Due to discrepancy in the terminology and between the classification systems, in some countries (e.g. Ghana, the Gambia and Ethiopia) it was necessary to reclassify the national forest types, using FRA definitions, in order to make sure that the volume of only the forest component is included.

The main steps of the calculations and brief explanations of the methodology used to estimate volume and biomass are provided in the last section of each country brief.

Primary data on woody biomass are scarce, particularly in the tropics, and estimates were derived from volume data and refer to the above ground biomass. FAO defines the woody biomass as:

“the mass of woody part (stem, bark, branches, twigs) of trees, alive or dead, shrubs and bushes, excluding stumps and roots, foliage, flowers and seeds” (FAO, 1998).

However, for practical reason the calculations were based on the definition of biomass as given by the FAO forestry Paper 134 stating that:

“biomass is the total amount of aboveground organic matter present in trees including leaves, twigs, branches, main bole and bark”.

The biomass of these components generally accounts for the greatest fraction of total living biomass in a forest and does not pose too many logistical problems in its estimation. Consequently, biomass is defined as the total amount of aboveground living organic matter in trees expressed as oven-dry tons per hectare.

Biomass could be calculated from the VOB 10 per hectare by first estimating the biomass of the inventoried volume and then expanding this value to take into account the biomass of the other aboveground components, using a biomass expansion factor (BEF) defined as “the ratio of aboveground oven-dry biomass of trees to oven-dry biomass of inventoried volume”(FAO, 1997).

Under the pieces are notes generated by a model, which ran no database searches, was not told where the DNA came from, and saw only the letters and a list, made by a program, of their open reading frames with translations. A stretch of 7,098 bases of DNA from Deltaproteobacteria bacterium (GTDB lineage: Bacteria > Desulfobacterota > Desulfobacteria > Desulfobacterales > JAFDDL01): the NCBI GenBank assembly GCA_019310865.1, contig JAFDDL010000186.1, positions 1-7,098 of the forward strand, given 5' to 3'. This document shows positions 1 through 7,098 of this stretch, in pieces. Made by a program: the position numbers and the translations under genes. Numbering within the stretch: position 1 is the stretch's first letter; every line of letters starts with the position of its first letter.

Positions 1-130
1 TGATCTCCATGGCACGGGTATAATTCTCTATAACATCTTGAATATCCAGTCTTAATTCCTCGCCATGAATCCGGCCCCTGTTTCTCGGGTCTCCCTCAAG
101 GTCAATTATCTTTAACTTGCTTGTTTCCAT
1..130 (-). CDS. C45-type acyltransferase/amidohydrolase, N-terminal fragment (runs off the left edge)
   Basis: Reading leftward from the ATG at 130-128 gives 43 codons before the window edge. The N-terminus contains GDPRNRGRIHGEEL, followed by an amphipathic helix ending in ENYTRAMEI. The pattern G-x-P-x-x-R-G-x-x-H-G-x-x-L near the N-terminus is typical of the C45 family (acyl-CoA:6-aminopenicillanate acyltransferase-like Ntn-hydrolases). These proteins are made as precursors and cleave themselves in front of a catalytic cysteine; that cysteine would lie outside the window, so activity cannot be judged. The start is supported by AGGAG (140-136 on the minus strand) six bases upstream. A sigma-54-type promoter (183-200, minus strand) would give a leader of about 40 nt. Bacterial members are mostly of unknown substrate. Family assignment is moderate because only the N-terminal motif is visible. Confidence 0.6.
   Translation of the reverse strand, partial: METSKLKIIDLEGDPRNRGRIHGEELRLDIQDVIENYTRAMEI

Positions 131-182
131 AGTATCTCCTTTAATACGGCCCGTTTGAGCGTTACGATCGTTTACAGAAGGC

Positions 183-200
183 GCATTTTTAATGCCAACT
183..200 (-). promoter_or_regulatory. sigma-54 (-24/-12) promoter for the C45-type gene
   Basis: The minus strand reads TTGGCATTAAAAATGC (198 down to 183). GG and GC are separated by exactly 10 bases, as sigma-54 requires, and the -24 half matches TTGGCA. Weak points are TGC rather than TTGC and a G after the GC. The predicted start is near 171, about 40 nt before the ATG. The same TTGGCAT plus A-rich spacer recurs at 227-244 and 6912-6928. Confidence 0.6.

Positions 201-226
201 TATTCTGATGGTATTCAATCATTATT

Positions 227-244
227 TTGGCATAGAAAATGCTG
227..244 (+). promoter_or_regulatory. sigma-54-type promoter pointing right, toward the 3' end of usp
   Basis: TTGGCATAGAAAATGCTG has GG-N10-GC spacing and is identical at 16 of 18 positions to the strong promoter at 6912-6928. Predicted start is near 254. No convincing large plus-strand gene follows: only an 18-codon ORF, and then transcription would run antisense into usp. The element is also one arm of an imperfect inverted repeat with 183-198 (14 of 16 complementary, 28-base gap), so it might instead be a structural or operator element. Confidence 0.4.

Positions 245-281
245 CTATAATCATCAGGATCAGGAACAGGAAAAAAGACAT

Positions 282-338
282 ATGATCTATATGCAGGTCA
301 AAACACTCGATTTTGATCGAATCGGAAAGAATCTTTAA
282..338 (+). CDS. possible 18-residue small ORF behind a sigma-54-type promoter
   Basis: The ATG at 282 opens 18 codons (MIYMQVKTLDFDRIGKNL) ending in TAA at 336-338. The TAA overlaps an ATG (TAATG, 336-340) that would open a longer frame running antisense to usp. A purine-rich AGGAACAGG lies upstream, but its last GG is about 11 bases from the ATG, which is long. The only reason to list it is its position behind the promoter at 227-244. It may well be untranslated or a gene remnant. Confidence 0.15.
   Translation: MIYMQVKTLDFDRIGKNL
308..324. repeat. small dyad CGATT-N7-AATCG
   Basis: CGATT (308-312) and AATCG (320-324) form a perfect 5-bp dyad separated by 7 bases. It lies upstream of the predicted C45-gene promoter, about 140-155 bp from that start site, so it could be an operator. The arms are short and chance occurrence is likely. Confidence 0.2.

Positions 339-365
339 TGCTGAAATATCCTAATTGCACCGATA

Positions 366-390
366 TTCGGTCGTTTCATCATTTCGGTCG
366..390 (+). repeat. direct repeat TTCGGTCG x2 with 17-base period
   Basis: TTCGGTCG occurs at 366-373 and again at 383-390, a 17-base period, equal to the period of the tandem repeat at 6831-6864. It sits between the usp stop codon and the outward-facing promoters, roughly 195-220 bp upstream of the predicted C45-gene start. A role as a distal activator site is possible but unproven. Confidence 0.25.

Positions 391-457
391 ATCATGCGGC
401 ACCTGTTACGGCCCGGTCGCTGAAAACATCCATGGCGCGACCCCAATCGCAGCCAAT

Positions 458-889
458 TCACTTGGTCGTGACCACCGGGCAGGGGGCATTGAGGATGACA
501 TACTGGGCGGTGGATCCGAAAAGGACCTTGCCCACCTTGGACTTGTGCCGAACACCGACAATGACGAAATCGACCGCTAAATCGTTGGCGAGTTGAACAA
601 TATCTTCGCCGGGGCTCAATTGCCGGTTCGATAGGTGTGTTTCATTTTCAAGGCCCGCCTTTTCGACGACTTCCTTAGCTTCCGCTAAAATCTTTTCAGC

Biomass of the inventoried volume was calculated multiplying the volume per hectare by the wood density (WD) defined as the oven-dry mass per unit of green volume.

BV = VOB 10 * WD


BV is the woody biomass of inventoried volume

WD is the wood density

Wood density applied for tropical tree species varied depending on the region as highlighted in the Table 1.

Tropical Region












Mean values of wood density as indicated in the table above were used, with the exceptions of some very dry countries of Africa and Middle East where a wood density equal to 0.8 was used, to consider the high density of wood growing in these specific areas (Saket, 1994).

Biomass of inventoried volume was then multiplied by the biomass expansion factor in order to include leaves, twigs, and branches, commonly not measured by the forest inventories. BEF was calculated through the following formula:

BEF= Exp {3.213-0.506* Ln (BV)}

for BV ≥ 190 t/ha → BEF=1.74

Total biomass as earlier defined, was calculated multiplying the biomass of the inventoried volume by the BEF:

Bio= VOB 10*WD*BEF